Growing Together – Coupling Economic Growth with Social Inclusion in Turkey’s Health Care Sector

December 18, 2013


A patient during a medical check-up in Bolu, Turkey.

  • Economic and social reforms in Turkey have helped the country emerge from decades of economic crisis.
  • Improvements in the health care sector have increased life expectancy and decreased infant mortality by more than half in just over a decade.
  • Turkey is featured as one of 11 case studies in a new report designed to help low-and-middle-income countries learn from each other as they implement universal health care.

Ten years ago Turkey was at the beginning of a long road to economic recovery and social development. Following a decade of political instability, weak macroeconomic management and poor governance, the country entered the 21st century in deep economic crisis, compounded by a devastating earthquake in 1999.

Instead of driving the country into further economic and social decline, however, these difficulties proved to be a catalyst for change. Fast forward to today and one sees a drastically different landscape. The country is now the 18th largest economy in the world, with a Gross Domestic Product (GDP) of more than $780 billon and Foreign Direct Investment of $8.4 billion in 2012.

While Turkey’s economic success in terms of rising incomes, in particular in USD terms, and improved macroeconomic stability is well recognized, a less well known aspect of Turkey’s achievements since the start of the millennium are the improvements in its social services, focused on providing access to all citizens and recording impressive increases in social outcomes.

Progress made in the country’s health care sector – which has all but been transformed over the last decade – provides a vivid example of Turkey’s approach to ensuring economic gains are also reflected in social improvements. In 2003, the authorities launched the Health Transformation Program, a ten year health reform initiative designed to bring Turkey’s health indicators in line with other middle-income countries and those in the Organization for Economic Cooperation and Development (OECD).  

" Turkey’s example proves that financial constraints—even a major financial crisis—can catalyze the expansion of coverage. "

Jim Yong Kim

World Bank Group President

Turkey’s health care efforts prioritized primary care in the initial phase and focused on expanding coverage and access to basic health care services. Thus, the level of health insurance coverage increased from 71% in 2003 to 99% in 2011. Performance incentives and improved monitoring enhanced the quality of medical services, while proactive assignment policies greatly reduced the disparities in the availability of health personal between the advanced west and less advanced eastern parts of the country. As a result of these and other efforts, life expectancy in Turkey increased by 5 years to 78 years for women and 6 years to 73 years for men between 2000 and 2011. The infant mortality rate was halved during the lifetime of this program - dropping from 28 per 1000 children born in 2000 to 12 in 2012.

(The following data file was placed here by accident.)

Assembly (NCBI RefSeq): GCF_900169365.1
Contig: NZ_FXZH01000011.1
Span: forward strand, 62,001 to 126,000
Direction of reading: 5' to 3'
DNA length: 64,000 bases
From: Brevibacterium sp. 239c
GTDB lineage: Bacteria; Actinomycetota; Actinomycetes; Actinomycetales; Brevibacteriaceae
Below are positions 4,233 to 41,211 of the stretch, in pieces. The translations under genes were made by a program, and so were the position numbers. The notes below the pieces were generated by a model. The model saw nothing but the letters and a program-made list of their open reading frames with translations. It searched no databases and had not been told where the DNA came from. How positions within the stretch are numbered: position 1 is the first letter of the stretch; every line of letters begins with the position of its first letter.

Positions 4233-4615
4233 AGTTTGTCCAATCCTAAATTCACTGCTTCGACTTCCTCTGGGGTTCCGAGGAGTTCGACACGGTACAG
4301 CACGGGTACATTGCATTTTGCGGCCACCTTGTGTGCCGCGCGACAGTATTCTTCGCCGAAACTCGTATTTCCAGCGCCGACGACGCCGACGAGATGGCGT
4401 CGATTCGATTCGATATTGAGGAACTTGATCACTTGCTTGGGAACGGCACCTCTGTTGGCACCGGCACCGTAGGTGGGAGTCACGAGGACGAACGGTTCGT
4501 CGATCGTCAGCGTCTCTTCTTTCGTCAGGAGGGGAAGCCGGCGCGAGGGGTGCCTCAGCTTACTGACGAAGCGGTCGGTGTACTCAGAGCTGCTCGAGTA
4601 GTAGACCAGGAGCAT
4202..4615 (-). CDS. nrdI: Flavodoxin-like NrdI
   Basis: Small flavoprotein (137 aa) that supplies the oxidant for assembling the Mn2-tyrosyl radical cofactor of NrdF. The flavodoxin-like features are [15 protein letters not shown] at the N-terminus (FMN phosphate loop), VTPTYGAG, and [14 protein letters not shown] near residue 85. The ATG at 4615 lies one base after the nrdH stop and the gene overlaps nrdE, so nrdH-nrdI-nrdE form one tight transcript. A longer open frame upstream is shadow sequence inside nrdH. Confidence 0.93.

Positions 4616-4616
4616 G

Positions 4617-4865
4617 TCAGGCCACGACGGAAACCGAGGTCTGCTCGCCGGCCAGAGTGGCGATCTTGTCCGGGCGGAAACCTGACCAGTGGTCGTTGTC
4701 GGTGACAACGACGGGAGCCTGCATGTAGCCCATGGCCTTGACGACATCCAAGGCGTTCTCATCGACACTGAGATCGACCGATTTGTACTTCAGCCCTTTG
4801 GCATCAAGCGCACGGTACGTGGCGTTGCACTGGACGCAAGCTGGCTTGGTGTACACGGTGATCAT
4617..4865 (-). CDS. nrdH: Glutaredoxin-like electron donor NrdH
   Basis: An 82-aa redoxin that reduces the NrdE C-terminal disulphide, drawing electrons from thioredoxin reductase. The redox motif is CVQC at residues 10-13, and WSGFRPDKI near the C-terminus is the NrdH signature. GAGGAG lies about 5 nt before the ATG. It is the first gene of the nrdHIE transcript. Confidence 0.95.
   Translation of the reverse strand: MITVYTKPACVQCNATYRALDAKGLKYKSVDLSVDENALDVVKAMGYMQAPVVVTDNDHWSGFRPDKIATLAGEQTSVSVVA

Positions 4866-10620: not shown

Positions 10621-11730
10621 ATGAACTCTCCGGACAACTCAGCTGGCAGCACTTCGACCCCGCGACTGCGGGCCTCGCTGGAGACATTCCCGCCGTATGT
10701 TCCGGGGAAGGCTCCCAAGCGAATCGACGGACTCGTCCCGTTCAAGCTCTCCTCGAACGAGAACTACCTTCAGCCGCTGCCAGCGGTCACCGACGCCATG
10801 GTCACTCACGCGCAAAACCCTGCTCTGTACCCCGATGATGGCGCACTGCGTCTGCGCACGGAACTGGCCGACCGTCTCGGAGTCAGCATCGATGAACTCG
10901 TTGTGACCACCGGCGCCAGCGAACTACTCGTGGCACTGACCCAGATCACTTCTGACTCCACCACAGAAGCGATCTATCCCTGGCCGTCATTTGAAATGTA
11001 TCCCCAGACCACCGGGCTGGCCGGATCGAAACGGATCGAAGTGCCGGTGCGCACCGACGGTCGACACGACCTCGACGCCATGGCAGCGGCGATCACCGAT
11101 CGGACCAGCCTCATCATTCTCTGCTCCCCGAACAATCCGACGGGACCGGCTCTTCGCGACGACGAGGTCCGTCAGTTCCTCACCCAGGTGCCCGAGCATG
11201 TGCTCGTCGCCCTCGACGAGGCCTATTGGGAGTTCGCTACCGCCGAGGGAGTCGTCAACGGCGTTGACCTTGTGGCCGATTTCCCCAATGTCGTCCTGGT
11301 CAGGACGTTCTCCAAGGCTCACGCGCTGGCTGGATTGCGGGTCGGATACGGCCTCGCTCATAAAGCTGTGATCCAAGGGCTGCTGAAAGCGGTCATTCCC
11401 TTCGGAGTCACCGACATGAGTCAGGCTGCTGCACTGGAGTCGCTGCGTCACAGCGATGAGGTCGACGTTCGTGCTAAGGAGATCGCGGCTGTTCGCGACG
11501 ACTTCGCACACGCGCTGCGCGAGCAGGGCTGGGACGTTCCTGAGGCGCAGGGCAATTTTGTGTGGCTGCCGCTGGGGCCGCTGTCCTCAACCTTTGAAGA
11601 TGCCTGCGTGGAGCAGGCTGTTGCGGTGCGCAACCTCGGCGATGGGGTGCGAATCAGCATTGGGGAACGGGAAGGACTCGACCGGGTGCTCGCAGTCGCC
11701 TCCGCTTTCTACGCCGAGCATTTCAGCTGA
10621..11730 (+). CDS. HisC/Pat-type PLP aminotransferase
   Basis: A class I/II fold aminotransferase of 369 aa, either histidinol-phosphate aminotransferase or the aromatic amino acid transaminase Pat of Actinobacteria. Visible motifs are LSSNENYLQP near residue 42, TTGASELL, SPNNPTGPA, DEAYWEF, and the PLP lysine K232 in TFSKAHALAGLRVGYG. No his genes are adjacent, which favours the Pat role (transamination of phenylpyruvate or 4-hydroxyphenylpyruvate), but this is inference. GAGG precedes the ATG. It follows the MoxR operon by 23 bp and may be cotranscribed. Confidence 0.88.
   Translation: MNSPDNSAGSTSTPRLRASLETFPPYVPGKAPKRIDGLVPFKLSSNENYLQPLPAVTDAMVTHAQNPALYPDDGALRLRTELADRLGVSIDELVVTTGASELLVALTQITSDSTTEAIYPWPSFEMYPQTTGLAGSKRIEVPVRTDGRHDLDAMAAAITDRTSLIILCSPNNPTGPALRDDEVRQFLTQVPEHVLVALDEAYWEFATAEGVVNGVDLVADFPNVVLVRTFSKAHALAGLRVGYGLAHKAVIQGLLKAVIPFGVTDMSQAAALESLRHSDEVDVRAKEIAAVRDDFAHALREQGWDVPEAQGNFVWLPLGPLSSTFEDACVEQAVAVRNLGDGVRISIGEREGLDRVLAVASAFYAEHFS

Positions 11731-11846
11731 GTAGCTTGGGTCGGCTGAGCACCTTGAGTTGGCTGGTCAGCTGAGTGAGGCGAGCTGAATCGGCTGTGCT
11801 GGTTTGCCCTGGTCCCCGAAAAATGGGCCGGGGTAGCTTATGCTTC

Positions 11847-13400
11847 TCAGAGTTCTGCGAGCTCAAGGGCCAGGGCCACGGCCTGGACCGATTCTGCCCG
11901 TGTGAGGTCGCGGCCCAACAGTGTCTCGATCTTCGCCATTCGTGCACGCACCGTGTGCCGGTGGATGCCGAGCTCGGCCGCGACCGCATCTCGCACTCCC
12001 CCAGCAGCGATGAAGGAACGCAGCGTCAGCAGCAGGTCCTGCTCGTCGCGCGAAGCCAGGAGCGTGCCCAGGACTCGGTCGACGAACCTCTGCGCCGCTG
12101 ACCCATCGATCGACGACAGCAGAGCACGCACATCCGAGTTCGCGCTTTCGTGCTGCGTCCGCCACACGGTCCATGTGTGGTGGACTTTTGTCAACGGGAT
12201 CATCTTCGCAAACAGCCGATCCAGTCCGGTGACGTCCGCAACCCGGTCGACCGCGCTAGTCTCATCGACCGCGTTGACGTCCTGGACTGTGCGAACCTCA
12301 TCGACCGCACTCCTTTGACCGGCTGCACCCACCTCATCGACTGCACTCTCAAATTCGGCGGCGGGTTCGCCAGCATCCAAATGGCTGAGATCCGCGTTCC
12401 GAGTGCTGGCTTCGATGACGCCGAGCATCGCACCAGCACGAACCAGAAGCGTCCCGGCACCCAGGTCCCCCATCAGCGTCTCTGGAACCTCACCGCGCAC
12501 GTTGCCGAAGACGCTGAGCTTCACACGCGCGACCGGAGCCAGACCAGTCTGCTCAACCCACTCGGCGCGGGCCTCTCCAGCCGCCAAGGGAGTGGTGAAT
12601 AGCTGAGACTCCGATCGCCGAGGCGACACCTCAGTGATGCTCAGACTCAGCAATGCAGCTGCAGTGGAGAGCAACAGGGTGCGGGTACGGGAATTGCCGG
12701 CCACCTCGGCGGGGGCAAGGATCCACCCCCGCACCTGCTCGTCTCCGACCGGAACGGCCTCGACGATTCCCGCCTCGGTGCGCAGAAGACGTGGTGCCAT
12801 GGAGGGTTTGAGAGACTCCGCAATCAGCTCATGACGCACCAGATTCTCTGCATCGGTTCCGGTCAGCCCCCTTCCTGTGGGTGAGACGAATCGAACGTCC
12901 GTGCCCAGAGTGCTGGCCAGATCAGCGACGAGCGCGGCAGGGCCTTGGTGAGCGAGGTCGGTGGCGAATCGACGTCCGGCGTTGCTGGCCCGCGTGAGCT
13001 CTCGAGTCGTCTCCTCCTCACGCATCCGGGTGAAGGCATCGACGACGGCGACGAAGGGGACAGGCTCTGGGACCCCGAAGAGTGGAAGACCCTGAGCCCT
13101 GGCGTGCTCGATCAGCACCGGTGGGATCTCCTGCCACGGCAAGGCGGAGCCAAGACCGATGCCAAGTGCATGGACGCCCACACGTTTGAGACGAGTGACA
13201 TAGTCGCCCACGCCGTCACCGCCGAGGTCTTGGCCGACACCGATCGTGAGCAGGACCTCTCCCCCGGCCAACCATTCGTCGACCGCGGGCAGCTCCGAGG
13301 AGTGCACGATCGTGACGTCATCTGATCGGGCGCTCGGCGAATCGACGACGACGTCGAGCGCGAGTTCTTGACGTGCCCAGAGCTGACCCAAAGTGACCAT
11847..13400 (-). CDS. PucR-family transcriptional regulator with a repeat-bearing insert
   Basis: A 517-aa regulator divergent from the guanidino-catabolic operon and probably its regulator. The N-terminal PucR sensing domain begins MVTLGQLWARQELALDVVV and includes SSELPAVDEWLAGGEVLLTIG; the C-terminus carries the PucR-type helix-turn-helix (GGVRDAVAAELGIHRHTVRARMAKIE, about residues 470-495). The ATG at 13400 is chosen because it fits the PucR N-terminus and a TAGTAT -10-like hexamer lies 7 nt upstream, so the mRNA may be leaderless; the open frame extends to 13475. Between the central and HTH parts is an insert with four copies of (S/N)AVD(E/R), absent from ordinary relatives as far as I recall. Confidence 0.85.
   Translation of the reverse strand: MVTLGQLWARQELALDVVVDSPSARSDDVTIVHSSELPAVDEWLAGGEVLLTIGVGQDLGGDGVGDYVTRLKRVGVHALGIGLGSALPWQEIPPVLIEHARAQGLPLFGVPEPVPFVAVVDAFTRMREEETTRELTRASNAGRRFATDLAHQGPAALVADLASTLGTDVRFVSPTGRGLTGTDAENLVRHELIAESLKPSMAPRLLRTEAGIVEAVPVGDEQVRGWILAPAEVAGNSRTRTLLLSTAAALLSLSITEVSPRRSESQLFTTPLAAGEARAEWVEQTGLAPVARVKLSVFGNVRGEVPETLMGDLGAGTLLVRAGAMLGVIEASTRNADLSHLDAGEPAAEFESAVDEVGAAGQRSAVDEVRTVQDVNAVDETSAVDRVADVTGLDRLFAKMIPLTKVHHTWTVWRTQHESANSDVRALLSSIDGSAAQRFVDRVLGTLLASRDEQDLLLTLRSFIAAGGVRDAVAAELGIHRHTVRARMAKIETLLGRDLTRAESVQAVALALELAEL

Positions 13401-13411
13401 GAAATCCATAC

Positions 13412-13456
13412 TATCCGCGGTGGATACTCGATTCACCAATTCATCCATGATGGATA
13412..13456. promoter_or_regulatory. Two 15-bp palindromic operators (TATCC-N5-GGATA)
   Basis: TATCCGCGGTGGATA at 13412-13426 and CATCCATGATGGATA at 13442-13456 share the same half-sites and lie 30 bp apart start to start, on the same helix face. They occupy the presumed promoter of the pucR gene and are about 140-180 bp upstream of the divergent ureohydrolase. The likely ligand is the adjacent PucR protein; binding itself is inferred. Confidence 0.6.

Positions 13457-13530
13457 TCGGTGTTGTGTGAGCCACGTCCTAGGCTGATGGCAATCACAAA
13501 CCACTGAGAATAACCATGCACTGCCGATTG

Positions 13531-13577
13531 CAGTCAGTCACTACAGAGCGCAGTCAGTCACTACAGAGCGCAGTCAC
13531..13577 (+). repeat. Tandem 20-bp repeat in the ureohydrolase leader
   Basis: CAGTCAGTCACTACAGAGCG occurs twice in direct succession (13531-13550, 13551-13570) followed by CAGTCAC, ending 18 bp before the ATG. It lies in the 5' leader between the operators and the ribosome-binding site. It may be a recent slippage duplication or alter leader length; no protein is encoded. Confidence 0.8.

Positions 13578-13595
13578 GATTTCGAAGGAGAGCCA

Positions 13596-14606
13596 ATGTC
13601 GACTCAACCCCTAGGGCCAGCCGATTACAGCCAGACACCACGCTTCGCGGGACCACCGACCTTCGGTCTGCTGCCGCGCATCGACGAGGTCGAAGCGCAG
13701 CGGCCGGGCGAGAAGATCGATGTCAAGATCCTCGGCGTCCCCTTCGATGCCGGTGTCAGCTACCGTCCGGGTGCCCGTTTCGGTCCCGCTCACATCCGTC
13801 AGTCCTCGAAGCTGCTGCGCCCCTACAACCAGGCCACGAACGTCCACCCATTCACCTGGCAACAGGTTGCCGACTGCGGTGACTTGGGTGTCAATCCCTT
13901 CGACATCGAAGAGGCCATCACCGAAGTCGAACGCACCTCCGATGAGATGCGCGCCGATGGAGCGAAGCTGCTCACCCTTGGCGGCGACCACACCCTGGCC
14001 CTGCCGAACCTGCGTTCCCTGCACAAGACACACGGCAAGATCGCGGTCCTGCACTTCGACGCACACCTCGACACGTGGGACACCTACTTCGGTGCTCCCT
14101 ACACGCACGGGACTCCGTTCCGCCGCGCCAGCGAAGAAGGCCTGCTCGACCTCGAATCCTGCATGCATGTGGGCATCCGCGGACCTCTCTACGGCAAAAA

The World Bank has supported the government through the Health Transition Project – which introduced a family medicine model and helped build the Ministry of Health and the Social Security Institute expand health insurance coverage – and the  ongoing Project in Support of Restructuring of Health Sector - which supports reforms aimed at increasing hospital autonomy, expanding family medicine services, and strengthening performance management and pay-for-performance initiatives. 

With Turkey emerging as one of the world’s success stories in the achievement of universal health care, Turkish officials are now looking at ways to share their experience with other countries. The recent Global Conference on Universal Health Coverage (UHC) for Inclusive and Sustainable Growth, held in Japan on December 6-7, provided an excellent opportunity for such knowledge sharing and brought Turkish policy makers together with colleagues from other countries, both successful and less successful ones.

“In Turkey, an economic crisis in the early 2000s prompted major government reforms and laid the groundwork for the 2003 Turkey Health Transformation Program,” noted World Bank President Jim Yong Kim during his speech at the Global Conference, “Outcomes are impressive: Today, more than 95 percent of the Turkish population is covered by formal health insurance. The Program now provides a high level of financial protection and equity while ensuring high and rising levels of patient satisfaction.”

A comparative study on achievements and remaining challenges in UHC, Global Synthesis: Lessons from 11 Country Case Studies,  prepared for the Tokyo UHC conference finds that as countries move toward universal coverage, they continuously face difficult trade-offs between providing complete coverage and maintaining cost-effectiveness, particularly as the provision of health-care services tends over time to create its own demand.

Turkey’s achievements in health care reform duly can serve as a model for other countries. But in today’s dynamically changing world, Turkey too cannot afford to rest on its laurels, and must learn from the experiences of countries with rising health care bills after the achievement of UHC. This way, Turkey can continue to couple economic growth with improving social outcomes, and inspire many other developing countries to follow in its path.

“Turkey’s example proves that financial constraints - even a major financial crisis - can catalyze the expansion of coverage.  The Bank Group has been pleased to partner with the Turkish government to support this effort,” concluded President Kim.